Northern Ireland

Eleven-week-old baby saved by random health visit

Baby Terence
Image caption Terence was sent to England for surgery

A random unplanned call by a health visitor to a family in Rathfriland may well have saved the life of an 11-week-old baby.

Within hours of the visit, he was in London having surgery for a rare heart condition.

The health visitor dropped in at short notice on new mother Martine McPolin and told that her 11-week-old baby Terence was looking too pale and thin for his age and recommended a check-up.

Martine took Terence to the local GP in Rathfriland who immediately referred him as an emergency to Daisy Hospital in Newry.

There, several doctors examined him and referred him urgently to the Royal in Belfast.

It was there that the now anxious mother learned that her baby had a rare congenital heart disease called Total Anomalous Pulmonary Venous Return (TAPVR).

The condition occurs when too much blood goes to the right side of his heart and not enough to the left.

Martine said it was at this point that she became scared and started to panic.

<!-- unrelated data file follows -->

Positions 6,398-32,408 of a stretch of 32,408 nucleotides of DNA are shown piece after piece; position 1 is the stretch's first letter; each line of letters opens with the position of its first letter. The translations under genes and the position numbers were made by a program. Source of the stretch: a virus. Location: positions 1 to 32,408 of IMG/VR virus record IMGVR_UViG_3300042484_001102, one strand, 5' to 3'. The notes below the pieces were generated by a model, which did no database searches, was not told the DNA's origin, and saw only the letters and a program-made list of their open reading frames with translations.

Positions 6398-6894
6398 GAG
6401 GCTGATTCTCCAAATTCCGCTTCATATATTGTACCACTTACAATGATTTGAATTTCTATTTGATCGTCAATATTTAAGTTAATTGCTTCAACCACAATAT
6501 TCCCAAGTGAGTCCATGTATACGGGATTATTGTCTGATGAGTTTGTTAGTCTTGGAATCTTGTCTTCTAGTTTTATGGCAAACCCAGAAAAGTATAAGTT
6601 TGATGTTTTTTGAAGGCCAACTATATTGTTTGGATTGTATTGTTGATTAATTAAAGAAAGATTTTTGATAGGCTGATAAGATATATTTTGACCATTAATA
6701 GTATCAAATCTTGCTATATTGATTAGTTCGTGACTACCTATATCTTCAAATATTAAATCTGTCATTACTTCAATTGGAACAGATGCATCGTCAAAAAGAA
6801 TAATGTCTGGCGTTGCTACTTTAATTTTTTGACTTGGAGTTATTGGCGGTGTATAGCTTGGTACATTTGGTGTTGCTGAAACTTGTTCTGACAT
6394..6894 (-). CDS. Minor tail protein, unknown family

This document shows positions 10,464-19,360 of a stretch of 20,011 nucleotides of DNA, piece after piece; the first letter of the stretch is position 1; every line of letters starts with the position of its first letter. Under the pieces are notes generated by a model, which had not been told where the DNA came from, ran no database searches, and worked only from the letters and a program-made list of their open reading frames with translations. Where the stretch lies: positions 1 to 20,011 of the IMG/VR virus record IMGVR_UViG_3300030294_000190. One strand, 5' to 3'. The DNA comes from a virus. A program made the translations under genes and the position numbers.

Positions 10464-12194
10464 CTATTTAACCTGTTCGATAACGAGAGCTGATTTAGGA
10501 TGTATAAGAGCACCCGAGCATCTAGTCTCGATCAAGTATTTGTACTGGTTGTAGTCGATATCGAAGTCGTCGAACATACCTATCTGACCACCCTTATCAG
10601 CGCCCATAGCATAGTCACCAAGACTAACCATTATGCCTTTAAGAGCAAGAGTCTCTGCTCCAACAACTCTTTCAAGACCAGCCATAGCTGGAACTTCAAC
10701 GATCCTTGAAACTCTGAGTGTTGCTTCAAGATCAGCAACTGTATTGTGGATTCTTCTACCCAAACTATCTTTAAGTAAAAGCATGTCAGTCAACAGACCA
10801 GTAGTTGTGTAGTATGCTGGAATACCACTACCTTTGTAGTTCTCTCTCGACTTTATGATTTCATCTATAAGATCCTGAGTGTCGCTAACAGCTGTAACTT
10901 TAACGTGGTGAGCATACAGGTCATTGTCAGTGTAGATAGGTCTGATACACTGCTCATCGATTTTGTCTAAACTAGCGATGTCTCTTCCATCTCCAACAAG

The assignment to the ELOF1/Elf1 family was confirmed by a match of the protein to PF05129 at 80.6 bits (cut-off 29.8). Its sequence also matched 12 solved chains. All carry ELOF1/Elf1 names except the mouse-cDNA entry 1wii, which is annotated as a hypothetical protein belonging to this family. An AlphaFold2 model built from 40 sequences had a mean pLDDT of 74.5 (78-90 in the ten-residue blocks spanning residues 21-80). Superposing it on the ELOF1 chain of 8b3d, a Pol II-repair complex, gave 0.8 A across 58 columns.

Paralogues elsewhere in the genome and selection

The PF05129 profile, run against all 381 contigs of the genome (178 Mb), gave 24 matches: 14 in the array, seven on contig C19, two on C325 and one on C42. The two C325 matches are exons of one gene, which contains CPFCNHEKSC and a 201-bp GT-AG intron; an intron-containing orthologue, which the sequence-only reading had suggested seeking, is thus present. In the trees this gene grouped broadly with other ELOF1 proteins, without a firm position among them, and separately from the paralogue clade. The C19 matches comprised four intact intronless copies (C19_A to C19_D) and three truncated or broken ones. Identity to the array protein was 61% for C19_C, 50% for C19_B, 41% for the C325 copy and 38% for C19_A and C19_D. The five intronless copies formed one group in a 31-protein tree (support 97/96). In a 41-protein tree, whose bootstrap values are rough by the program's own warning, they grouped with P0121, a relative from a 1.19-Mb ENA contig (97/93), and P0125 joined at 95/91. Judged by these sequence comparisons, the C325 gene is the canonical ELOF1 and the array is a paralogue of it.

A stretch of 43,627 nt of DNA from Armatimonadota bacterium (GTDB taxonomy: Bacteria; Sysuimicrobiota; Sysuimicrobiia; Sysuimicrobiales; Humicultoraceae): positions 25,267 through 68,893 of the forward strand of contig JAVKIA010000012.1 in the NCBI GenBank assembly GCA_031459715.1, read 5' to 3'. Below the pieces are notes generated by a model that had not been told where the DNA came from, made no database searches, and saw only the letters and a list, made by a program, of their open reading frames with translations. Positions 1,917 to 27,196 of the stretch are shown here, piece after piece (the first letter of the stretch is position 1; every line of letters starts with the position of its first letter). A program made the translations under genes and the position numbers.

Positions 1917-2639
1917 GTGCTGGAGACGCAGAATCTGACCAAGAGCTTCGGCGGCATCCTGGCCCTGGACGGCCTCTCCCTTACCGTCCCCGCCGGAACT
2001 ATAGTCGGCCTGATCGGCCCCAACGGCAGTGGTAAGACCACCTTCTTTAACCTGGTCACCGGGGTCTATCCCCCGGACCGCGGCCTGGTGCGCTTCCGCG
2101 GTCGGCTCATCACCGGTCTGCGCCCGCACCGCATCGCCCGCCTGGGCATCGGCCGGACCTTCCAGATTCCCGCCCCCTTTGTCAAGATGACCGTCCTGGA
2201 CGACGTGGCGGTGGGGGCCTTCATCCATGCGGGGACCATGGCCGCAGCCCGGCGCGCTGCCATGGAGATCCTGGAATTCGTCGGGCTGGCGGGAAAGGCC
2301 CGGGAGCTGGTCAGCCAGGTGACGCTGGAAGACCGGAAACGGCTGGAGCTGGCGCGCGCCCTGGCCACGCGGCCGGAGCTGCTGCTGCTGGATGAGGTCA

"There was nothing doctors could do here so we had to take him to England," she said.


At this point Terence's condition was so bad that his parents were not allowed to travel with him in the air ambulance.

He underwent a successful four-hour operation at St Thomas in London.

Image caption Baby Terence's parents said it was an experience they would never forget

Now back home in Rathfriland, his parents have tried to put the ordeal behind them, but they said it was an experience they would never forget.

"When it's your first baby you are all excited and you don't think that something like this is going to happen," said Martine.

Terence's father, Adrian, said if they had heard of other parents going through the same ordeal, it would maybe have given them some hope in coping with the trauma.

"When I sat with him on the first night in the Royal, I can honestly say I didn't think he was going to make it," said Adrian.

Baby Terence will have to be given medicine for his heart for the foreseeable future, but his parents said he was over the worst of his ordeal and on the mend.